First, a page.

Mary Morton is Building Bridges

How this super consultant is creating change.


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As a Chicagoan, Mary Morten was born to be a mover and a shaker. She jokes that when she was growing up, in her house there were pictures of Jesus Christ and Richard Daley.
And sure enough, before she started The Morten Group, her high-powered consulting firm, she was a mayoral appointee under Richard M. Daley. As the mayor’s liaison to the LGBT community in the office of violence prevention, she had a staff of 10. All joking aside, the job wielded significant power.

"Being the liaison was particularly interesting and enlightening,” Morten says. “The mayor sees you as his advocate, and the community sees you as their advocate. It was necessary to make it clear to both that my politics had not changed.”
Morten’s political activism was forged in feminism. She was both the first African American and first lesbian to be elected president of the powerful Chicago chapter of NOW. She immediately put her activism to work.

“I created a lesbian rights committee and a women of color committee—it was important for people to know we needed both,” she says, adding, “I build bridges.”
After her stint as the mayor’s liaison, Morten considered a run at politics herself—in a city known the world over for its political maneuvering.

“I was very interested and I seriously considered it,” she said. “But you give up every shred of privacy that you ever had. I have advised people who have run for office. And if I was going to do it, I would have been well-positioned after my job in the mayor’s office. But I decided to go in another direction.”

That direction was founding The Morten Group. Not a bad idea, considering that she was trading on 20 years of work as an organizer. Her goal was to consult with both nonprofit and for-profit agencies. As a lesbian and a woman of color, she had been particularly attuned to the struggles facing nonprofits.

“There are a lot of challenges that nonprofits face,” she explains. “The first thing I teach people is to focus on your assets, not your deficits.”

Morten is well-versed in the concept of skills development—helping companies to identify and leverage their assets—and as she gives her pep talk it’s obvious that she must be a terrific motivator to those who seek her advice. The list of her clients includes the prestigious Chicago Foundation for Women, which has millions at its disposal. “Most of my work at the Morten Group is on referral. Often, what I am doing for organizations is trustee development, board development, fund-raising and resource development.”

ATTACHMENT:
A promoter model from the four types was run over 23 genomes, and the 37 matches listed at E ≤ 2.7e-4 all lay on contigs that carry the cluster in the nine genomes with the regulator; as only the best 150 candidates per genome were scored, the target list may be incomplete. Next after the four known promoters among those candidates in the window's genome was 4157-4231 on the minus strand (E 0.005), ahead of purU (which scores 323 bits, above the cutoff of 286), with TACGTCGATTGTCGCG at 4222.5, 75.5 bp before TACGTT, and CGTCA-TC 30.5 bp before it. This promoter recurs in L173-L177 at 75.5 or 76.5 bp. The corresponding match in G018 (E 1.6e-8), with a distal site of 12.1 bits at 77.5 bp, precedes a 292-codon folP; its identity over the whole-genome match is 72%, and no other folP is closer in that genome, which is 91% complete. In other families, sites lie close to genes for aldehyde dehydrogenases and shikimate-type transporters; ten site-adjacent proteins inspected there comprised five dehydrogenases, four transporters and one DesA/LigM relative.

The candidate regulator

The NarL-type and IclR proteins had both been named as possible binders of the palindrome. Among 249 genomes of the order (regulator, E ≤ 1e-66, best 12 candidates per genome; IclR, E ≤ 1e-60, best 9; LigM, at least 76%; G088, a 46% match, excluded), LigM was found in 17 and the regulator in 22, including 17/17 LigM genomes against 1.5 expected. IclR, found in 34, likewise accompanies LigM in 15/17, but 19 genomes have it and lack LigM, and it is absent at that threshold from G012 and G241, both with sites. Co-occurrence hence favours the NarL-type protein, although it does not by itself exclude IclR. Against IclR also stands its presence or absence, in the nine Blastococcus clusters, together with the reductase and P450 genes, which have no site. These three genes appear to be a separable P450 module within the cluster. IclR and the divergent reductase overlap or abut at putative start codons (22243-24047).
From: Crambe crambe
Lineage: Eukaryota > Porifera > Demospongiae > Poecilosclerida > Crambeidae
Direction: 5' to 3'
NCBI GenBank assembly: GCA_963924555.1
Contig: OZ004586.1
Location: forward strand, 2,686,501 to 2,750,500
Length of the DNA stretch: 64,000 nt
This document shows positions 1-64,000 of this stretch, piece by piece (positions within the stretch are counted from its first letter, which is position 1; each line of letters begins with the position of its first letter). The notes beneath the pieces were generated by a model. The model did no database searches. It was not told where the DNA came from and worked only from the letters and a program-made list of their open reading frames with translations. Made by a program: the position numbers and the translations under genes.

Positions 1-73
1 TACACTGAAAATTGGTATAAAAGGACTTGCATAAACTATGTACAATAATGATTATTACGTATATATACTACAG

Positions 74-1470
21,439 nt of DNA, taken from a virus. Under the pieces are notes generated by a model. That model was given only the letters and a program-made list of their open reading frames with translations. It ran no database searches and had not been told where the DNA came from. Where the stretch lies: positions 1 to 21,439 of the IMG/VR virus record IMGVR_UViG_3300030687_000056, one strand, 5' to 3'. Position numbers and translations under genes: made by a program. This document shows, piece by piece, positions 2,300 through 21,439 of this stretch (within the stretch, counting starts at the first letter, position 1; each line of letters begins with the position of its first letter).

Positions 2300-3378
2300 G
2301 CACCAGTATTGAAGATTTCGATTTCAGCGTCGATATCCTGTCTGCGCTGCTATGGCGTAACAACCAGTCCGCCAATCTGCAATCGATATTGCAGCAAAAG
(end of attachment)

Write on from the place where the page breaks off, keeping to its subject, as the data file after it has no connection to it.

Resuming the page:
She is her own gatekeeper, noting, “The beauty of being a consultant is that I get to choose who I work with. I don’t work with organizations that I don’t believe in. While a client might be interviewing me for a position, I am interviewing them as well. I have to make sure it’s a good match for me.” 

 

 

Focusing on assets, not deficits, is also at the core of Morten’s most recent project, the documentary film Woke Up Black. The film was inspired by the Black Youth Project, but, as Morten notes, “No one wants to listen to data.”

Morten, who has a degree in communications, with an emphasis in radio and television, has completed many short films for her clients, but this is the first feature film she has directed. Woke Up Black focuses on five African American students from Chicago who are dealing not just with negative stereotypes, but with broken families, the lure of gangs, the stifling impact of poverty and drugs and, above all, the media’s misrepresentation of who they are.

Morten allows these young women and men to tell their stories——in all their complexity. She says that she traveled around the country, doing preproduction in New Orleans and San Francisco, before she returned to Chicago to do the project there.

“We followed African American youth—followed their interaction with family, with institutions.” The film is interview-driven. As Morten describes them, these young people are “at the center of sociopolitical issues” in America, and it is these people she wants to hear from—a segment of the African American community that is often talked about but not talked to.
“On the news, we see the 20-second sound bites,” she explains. “These are the real stories. My role as an advocate now is to document what our communities are doing,” she says succinctly.

Imprinted with the larger-than-life politics of Chicago, she has parlayed her knowledge of the system—its machinery and its machinations—into an advocacy for those who have been branded by others but who have rarely had the opportunity to brand themselves. Women, queers, people of color—Morten helps them to refute the stories they’ve been told about themselves and to reveal their own identities.

One of her favorite workshops is teaching organizations how to fund-raise—a skill she got to employ firsthand while working on her film. “I am totally psyched by it,” she says. “I am trying to role model how to talk about asking for money. There are certificate and degree programs on fund-raising but there is nothing like doing it. When you tell your story, you’ve told one more person about what you do.”

Morten is of course telling her own story as she empowers others to tell theirs, and the energy she exudes in the telling is palpable. She notes that “Women of color in general deal with this issue I have dealt with again and again in positions I have held. When you’re the first, you have to be extraordinary.”

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